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eGFR Test

Last updated Oct. 12, 2015

Approved by: Maulik P. Purohit MD MPH

What are the other Names for this Test? (Equivalent Terms)

  • Calculated Glomerular Filtration Rate Test
  • Estimated GFR Test
  • Estimated Glomerular Filtration Rate Test 

What is eGFR Test? (Background Information)

  • Glomerular filtration rate (GFR) is the rate at which kidney glomeruli filter blood, to create pre-urine filtrate. GFR can be measured directly through a direct GFR test or calculated indirectly through the Estimated GFR (eGFR) Test
  • The kidneys, along with the liver and spleen, filter blood and excrete the waste as urine. The site of filtration is a microscopic sieve-like structure, called the glomerulus. There are roughly 1 million glomeruli in each kidney
  • The rate at which the glomeruli filter blood is called the glomerular filtration rate (GFR). When the kidneys and their glomeruli are damaged, GFR may decrease
  • The glomerular filtration rate, and thus kidney function, can be assessed through measuring the excretion of various small proteins, such as creatinine and cystatin C, in the body
  • For the eGFR Test, creatinine is used, which is a byproduct of muscle metabolism. It is produced and excreted at a relatively steady rate, making it a useful marker for GFR. When kidney function decreases, less creatinine is excreted and it accumulates in blood
  • The eGFR Test requires that a creatinine blood test first be performed. Results from the creatinine blood test are then combined with factors, such as the individual’s age, sex, and/or race, and inserted into a formula
  • The Estimated Glomerular Filtration Rate Test utilizes creatinine information obtained through a blood test, to calculate the estimated glomerular filtration rate (eGFR). The eGFR Test assesses kidney function, especially in diabetic individuals; it is used to diagnose kidney disorders 

What are the Clinical Indications for performing the eGFR Test?

Following are the clinical indications for performing the Estimated Glomerular Filtration Rate (eGFR) Test:

  • Evaluating progression and treatment of kidney disorders
  • Evaluating kidney function before administering nephrotoxic drugs
  • Yellowing of the skin
  • Discolored urine, difficulty urinating
  • Urinating, more or less often than usual 

How is the Specimen Collected for eGFR Test?

Following is the specimen collection process for Estimated Glomerular Filtration Rate Test:

Sample required: Blood

Process: Insertion of a needle into an arm vein.

Preparation required: No special preparation is needed prior to the test. 

What is the Significance of the eGFR Test Result?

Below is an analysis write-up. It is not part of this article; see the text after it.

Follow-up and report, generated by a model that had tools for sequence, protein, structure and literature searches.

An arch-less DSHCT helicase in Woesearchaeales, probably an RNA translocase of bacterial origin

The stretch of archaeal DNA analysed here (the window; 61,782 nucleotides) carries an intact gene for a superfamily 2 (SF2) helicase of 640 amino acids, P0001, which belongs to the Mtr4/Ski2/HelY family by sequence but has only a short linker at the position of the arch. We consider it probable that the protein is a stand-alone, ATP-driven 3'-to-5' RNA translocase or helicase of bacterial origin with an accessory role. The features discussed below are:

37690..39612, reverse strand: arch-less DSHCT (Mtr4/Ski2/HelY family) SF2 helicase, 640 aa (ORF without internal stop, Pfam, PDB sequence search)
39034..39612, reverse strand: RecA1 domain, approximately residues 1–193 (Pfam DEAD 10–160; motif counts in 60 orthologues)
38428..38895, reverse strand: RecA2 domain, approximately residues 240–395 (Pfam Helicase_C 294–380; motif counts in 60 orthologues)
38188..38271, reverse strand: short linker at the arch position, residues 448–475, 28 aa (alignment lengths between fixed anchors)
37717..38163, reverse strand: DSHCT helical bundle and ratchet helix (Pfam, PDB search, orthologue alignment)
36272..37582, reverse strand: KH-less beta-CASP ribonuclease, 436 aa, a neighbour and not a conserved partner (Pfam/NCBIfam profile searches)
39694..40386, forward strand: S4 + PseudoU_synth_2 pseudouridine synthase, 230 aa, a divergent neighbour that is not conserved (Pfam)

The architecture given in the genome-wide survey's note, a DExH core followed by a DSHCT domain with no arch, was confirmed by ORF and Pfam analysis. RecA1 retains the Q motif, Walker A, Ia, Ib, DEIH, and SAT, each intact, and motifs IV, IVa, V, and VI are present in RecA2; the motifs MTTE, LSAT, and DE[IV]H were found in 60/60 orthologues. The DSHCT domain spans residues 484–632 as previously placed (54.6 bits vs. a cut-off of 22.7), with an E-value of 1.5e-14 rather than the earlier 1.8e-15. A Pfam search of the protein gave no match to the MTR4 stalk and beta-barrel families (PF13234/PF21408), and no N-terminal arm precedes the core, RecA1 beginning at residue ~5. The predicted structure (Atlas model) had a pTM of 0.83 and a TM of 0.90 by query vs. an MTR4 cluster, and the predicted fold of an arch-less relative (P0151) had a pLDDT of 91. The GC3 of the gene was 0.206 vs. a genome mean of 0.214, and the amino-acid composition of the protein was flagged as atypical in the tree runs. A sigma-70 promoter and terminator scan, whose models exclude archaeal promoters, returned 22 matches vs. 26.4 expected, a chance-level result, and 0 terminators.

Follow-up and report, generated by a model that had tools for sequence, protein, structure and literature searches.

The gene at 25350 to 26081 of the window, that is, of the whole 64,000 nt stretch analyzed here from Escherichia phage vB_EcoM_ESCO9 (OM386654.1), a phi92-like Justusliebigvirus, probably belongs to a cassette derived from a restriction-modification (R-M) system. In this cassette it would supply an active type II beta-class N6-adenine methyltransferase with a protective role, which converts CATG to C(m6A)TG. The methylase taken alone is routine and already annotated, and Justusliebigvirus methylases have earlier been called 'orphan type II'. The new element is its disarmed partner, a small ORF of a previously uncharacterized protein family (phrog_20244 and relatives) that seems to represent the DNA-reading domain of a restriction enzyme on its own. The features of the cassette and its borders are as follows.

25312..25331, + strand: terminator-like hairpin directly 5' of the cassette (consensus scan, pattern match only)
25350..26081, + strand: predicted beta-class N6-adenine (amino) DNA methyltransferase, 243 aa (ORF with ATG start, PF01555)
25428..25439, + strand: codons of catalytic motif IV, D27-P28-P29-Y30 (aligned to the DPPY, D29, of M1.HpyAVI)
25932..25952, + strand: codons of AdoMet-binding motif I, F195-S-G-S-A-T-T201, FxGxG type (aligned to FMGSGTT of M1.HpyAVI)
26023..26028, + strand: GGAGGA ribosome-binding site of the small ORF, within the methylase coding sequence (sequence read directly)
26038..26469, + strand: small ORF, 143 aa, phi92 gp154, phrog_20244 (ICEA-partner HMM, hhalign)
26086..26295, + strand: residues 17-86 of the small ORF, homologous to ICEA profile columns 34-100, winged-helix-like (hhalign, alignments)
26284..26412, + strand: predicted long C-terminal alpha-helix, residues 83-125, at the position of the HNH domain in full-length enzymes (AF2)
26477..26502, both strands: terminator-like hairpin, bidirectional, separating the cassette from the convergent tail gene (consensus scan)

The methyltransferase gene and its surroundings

The significance of Estimated Glomerular Filtration Rate Test is explained:

  • Increased estimated glomerular filtration rate may indicate:
    • Acute tubular necrosis
    • Congestive heart failure
    • Diabetes
    • Exposure to nephrotoxic agents
    • Gigantism
    • Glomerulonephritis (eGFR can either be increased or decreased)
    • Infection
    • Bilateral renal neoplasms
    • Nephrosclerosis
    • Polycystic kidney disease (eGFR can either be increased or decreased)
    • Pyelonephritis
    • Disorder of the kidney vasculature
    • Shock and hypovolemia
    • Tuberculosis
  • Decreased estimated glomerular filtration rate may indicate:
    • Glomerulonephritis (eGFR can either be increased or decreased)
    • Anemia
    • Chronic bilateral pyelonephritis
    • Hyperthyroidism
    • Leukemia
    • Muscle-wasting diseases
    • Paralysis
    • Polycystic kidney disease (eGFR can either be increased or decreased)
    • Shock
    • Urinary tract obstruction 

The laboratory test results are NOT to be interpreted as results of a "stand-alone" test. The test results have to be interpreted after correlating with suitable clinical findings and additional supplemental tests/information. Your healthcare providers will explain the meaning of your tests results, based on the overall clinical scenario. 

Additional and Relevant Useful Information:

  • The Estimated Glomerular Filtration Rate Test is not an early notification test. At least 50% of kidney function must be lost, before GFR would noticeably decrease
  • Certain factors may interfere with the results of the eGFR Test. These include hydration status and recent exercise. This is because blood flow is routed away from the kidneys, to the muscles during exercise
  • Cystatin C has been shown to vary less with factors, such as age, race, and muscle mass, than creatinine. Cystatin C is a candidate for being a kidney function marker 

Certain medications that you may be currently taking may influence the outcome of the test. Hence, it is important to inform your healthcare provider, the complete list of medications (including any herbal supplements) you are currently taking. This will help the healthcare provider interpret your test results more accurately and avoid unnecessary chances of a misdiagnosis. 

What are some Useful Resources for Additional Information?

DoveMed is currently working to bring you additional resources.

Please sign up by creating a DoveMed account to receive periodic notification on information updates. 

References and Information Sources used for the Article:

Lab Tests Online (2014, April 3). Retrieved July 31, 2014 from http://labtestsonline.org/understanding/analytes/gfr/

Martini, F., Nath, J. L., & Bartholomew, E. F. (2012). Fundamentals of anatomy & physiology (9th ed.). San Francisco: Benjamin Cummings.

Schnell, Z. B., Van, L. A., & Kranpitz, T. R. (2003). Davis's Comprehensive handbook of laboratory and diagnostic tests: With nursing implications. Philadelphia: F.A. Davis.

Reviewed and Approved by a member of the DoveMed Editorial Board
First uploaded: Aug. 10, 2014
Last updated: Oct. 12, 2015